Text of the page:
The number of US nationals seeking second citizenships quadrupled in the last two years, a new study finds
Americans are seeking EU citizenship in greater numbers than ever before, Bloomberg revealed on Wednesday, citing government statistics and independent citizenship consultancies. According to citizenship firm Arton Capital, four times as many Americans are seeking second citizenships in 2022 than in 2020 – a number that doesn’t include those applying for third or fourth country passports.
True to the country’s reputation as a melting pot, some 40% of Americans are eligible for European citizenship, according to Global RCG, a consultancy that helps Americans secure foreign citizenship and residency permits. Some countries have lower barriers to entry than others. For example, would-be Italian citizens need only show they have family ties to the country dating back to 1861, while Ireland allows Americans four generations removed to apply as long as one of their great-grandparents was born there.
Twice as many Americans – 3,284 – applied for Irish passports in the first six months of this year compared to 2021, according to government statistics, while citizenship consultancy firms reported similar explosions in interest among would-be citizens of Italy and Germany. Italy’s citizenship “wait list” for the New York consulate alone includes 3,700 names.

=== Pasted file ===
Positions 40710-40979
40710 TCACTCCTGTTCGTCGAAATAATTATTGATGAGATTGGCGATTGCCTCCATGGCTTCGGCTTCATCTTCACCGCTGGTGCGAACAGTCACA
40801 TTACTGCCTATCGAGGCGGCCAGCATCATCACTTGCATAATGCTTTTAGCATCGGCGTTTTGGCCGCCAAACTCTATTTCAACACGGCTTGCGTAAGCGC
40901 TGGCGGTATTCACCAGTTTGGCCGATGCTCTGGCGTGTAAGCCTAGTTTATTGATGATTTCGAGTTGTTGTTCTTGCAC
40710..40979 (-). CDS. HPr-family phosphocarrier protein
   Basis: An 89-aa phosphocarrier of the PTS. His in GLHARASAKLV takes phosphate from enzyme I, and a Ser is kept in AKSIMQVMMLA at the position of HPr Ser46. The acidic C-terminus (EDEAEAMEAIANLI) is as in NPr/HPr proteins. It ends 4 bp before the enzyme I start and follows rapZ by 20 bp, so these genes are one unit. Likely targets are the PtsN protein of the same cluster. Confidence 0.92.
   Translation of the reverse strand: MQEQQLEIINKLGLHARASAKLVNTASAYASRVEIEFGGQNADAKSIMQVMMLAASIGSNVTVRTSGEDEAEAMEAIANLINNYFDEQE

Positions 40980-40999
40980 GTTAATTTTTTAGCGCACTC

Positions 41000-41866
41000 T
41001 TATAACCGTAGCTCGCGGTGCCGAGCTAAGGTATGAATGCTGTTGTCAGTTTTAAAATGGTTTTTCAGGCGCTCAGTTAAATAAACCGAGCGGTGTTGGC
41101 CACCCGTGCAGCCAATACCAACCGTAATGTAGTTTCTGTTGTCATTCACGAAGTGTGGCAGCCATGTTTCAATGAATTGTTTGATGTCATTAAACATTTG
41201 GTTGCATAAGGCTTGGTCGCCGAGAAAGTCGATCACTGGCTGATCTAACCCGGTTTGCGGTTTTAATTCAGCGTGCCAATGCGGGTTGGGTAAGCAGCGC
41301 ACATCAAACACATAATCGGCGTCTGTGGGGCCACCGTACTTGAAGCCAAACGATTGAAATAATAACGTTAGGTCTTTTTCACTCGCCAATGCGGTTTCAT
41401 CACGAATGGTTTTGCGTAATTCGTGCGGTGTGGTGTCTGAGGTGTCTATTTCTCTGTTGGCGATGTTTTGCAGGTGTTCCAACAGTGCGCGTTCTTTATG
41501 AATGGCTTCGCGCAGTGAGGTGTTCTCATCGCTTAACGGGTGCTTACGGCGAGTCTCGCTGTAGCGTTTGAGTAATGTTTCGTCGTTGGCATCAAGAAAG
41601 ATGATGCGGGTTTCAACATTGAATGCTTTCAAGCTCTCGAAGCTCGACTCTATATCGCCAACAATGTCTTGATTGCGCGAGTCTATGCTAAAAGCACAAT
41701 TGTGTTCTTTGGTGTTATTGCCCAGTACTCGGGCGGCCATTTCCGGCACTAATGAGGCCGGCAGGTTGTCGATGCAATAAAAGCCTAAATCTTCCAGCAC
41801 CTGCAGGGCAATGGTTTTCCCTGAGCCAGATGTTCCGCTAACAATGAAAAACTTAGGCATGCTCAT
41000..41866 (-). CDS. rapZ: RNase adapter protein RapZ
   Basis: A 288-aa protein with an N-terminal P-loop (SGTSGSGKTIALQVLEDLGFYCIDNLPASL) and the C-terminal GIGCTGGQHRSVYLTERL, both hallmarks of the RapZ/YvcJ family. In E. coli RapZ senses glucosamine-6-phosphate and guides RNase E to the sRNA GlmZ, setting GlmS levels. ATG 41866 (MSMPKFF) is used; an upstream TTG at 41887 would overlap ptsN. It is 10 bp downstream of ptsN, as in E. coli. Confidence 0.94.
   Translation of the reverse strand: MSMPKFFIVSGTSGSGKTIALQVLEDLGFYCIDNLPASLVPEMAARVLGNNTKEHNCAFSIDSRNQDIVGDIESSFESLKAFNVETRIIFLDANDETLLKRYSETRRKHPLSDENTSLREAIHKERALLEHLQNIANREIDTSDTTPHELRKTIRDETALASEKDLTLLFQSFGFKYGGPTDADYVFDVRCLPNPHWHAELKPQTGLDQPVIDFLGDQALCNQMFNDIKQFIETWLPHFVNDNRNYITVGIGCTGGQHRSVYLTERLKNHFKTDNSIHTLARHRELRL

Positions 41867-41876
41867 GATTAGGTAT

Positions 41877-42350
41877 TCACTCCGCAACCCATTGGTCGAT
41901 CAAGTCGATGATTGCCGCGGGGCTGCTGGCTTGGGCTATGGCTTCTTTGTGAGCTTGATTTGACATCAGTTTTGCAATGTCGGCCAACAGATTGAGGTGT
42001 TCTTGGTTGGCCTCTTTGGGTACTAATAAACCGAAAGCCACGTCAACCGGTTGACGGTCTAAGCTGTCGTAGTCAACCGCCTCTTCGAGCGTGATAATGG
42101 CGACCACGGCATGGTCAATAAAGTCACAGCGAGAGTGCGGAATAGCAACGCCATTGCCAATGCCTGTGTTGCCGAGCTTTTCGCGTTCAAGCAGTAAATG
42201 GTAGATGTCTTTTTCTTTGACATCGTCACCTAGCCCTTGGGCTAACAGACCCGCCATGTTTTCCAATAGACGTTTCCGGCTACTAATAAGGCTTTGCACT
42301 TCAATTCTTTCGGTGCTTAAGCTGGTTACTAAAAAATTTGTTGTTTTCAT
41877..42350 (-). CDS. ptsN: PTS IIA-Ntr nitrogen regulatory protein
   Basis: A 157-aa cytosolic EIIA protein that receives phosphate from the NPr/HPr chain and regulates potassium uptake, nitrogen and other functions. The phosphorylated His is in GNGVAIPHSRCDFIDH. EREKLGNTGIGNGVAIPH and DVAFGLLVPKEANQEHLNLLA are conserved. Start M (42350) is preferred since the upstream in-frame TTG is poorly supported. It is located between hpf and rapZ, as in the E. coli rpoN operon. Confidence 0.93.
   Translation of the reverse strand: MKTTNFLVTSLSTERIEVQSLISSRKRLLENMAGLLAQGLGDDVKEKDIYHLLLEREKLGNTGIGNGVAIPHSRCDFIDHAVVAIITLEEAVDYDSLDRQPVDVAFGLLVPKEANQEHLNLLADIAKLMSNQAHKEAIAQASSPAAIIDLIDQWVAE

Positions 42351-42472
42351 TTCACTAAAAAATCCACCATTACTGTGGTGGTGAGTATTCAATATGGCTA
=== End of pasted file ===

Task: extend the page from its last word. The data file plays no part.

The Italian American Citizenship Assistance Program, a consultancy based in Florida, has seen interest double over last year, with applications kicking into high gear starting around the end of 2021. “Politics is the main reason people cite for looking to get out,” the firm’s principal, Giorgio Nusiner, told Bloomberg.
Irish Citizenship Consultants’ founder Kelly Cordes agreed, telling the outlet, “Every time there’s a huge political decision that has the potential to dramatically change the everyday life of Americans, we see a spike in searches from both sides of the political spectrum.” She claimed inquiries tripled following the Supreme Court’s decision to reverse Roe v Wade and allow states to set their own policy on abortion, even though Ireland’s abortion laws are stricter than those of most US states.
Like those Americans who vow to move to Canada if an election doesn’t go their way, those inquiring with citizenship consultants about a second passport don’t necessarily act on their impulses, preferring to “have the option,” German immigration lawyer Julie Schafer told Bloomberg. She noted that she too had seen a spike in inquiries following the Roe reversal, though like Ireland, its laws governing abortion are stricter than those of many US states. Other would-be global citizens are interested for financial reasons or ease of travel, as the Covid-19 pandemic alerted many Americans to the limits of their US passports.
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